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Legislative Assembly for the ACT: 2018 Week 08 Hansard (Thursday, 16 August 2018) . . Page.. 3066 ..


MR PARTON (Brindabella) (12.03): I want to thank Mr Barr for bringing this forward. I want to thank my party and, in particular, Mr Coe for allowing this to be a conscience issue. I am continually dismayed at those opposite on the number of occasions they wish to debate matters outside of our control.

Government members interjecting—

MR PARTON: I suggest that you hear me out. I think there are far too many debates in this chamber and far too many comments made about what a bunch of federal representatives are doing in another parliament far removed from ours. However, if I stand here and call upon us to stay out of their business, it would be very clearly a double standard for me not to call on them to stay out of our business.

This is an issue I have consulted widely on. I have had many conversations with constituents, elected members from other jurisdictions and journalists. Although I am on the record through one media agency as not supporting the Leyonhjelm motion, I cannot continue to support that position, so I will be supporting this motion.

We need to understand that this particular motion is not about assisted dying. We need to understand that this debate today is purely about the rights of those living in the ACT and the Northern Territory. Throughout this debate over so many years the connections have confused this. I think it was Lindsay Tanner who voted for the Kevin Andrews bill and who said in the debate something like: “Would this be different if we had a territory considering capital punishment?” But I do not think that is the issue.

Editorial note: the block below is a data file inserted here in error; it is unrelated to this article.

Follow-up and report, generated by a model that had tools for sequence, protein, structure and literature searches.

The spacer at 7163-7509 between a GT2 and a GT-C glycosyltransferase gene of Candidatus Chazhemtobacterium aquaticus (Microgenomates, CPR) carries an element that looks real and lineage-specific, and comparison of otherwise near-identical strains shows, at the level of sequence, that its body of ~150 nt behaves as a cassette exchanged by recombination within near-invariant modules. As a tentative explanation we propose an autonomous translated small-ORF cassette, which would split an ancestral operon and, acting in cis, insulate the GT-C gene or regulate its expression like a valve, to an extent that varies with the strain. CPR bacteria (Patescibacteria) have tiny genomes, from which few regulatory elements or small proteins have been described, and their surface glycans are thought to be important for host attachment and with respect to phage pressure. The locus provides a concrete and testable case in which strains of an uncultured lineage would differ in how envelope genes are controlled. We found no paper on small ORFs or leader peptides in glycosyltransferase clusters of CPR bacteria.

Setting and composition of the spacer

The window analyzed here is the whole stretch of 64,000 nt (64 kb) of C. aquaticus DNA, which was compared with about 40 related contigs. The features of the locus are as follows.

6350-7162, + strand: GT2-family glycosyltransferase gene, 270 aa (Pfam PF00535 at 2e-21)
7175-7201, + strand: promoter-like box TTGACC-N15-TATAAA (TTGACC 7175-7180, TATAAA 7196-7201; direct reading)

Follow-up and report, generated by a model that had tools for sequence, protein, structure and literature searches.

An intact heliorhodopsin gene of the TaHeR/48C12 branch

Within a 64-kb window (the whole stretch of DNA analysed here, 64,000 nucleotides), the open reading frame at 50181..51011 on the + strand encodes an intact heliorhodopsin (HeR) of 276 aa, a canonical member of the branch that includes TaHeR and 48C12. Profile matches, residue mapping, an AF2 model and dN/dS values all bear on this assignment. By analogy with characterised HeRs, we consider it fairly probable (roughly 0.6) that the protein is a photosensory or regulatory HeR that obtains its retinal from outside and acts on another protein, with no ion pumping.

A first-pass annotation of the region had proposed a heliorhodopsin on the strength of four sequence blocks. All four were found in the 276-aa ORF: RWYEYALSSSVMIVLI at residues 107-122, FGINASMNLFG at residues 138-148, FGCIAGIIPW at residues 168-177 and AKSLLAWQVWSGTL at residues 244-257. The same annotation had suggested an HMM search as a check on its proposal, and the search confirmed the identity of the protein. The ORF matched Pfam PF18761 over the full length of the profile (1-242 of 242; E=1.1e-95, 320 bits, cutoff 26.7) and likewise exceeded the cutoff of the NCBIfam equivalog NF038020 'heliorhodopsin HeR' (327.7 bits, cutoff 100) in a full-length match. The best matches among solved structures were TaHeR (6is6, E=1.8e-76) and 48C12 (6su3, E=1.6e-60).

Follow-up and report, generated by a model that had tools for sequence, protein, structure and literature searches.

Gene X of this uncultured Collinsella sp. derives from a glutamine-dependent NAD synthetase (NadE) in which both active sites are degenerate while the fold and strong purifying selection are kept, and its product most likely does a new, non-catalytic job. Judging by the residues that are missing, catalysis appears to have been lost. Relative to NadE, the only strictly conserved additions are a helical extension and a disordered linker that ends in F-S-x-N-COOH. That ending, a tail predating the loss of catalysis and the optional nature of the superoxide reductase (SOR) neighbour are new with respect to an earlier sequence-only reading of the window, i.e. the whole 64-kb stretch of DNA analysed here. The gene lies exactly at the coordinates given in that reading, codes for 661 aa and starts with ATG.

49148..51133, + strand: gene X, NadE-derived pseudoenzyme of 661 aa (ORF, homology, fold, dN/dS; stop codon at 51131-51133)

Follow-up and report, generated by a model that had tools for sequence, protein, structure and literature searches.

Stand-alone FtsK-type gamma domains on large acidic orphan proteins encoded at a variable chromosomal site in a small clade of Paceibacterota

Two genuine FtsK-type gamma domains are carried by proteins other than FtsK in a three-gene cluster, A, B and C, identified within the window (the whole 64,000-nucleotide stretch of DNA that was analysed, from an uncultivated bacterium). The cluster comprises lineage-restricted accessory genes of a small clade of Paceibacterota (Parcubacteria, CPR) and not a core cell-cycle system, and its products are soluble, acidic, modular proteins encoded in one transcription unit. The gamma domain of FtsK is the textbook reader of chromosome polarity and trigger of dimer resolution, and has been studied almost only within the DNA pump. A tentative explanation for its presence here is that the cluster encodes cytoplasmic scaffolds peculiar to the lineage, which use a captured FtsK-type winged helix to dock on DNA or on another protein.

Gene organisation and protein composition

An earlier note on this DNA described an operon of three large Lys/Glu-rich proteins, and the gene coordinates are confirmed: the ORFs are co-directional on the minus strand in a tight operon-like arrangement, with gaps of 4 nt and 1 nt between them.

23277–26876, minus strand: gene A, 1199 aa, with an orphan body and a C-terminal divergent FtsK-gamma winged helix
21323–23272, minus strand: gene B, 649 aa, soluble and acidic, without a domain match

As a member of the opposition, I often do not have faith that this chamber will make the right decision on a variety of matters. If I had faith that this chamber as it stands now would make the right decision on every issue I would be on the wrong side of the chamber. I sit in here day after day and I watch various motions get debated and amended. I watch bills being debated which often end up passed by this chamber in a way that I do not agree with. But that is democracy. We went to the polls in 2016, and there are more of them than there are of us because that is what the people said.

This motion is about democracy. I continue to have deep conversations about voluntary assisted dying, and I echo a number of the concerns Mr Hanson has shared with the chamber today. As disappointing as it may be to journalists who have asked me about my position on this most important conscience issue, I have not arrived at a final decision. I am still conflicted. I am still listening and I am still seeking out more information. I wish that this were a simple issue, but it is not. But in regard to the issues raised in this motion, as is the case for a number of my colleagues, I will be wholeheartedly supporting it.

MS FITZHARRIS (Yerrabi—Minister for Health and Wellbeing, Minister for Transport and City Services and Minister for Higher Education, Training and Research) (12.07): I would also like to thank the Chief Minister for bringing forward this motion. I start by reflecting on some of the speeches today. I walked into the chamber today with a group of Canberra College students. They have now left. But


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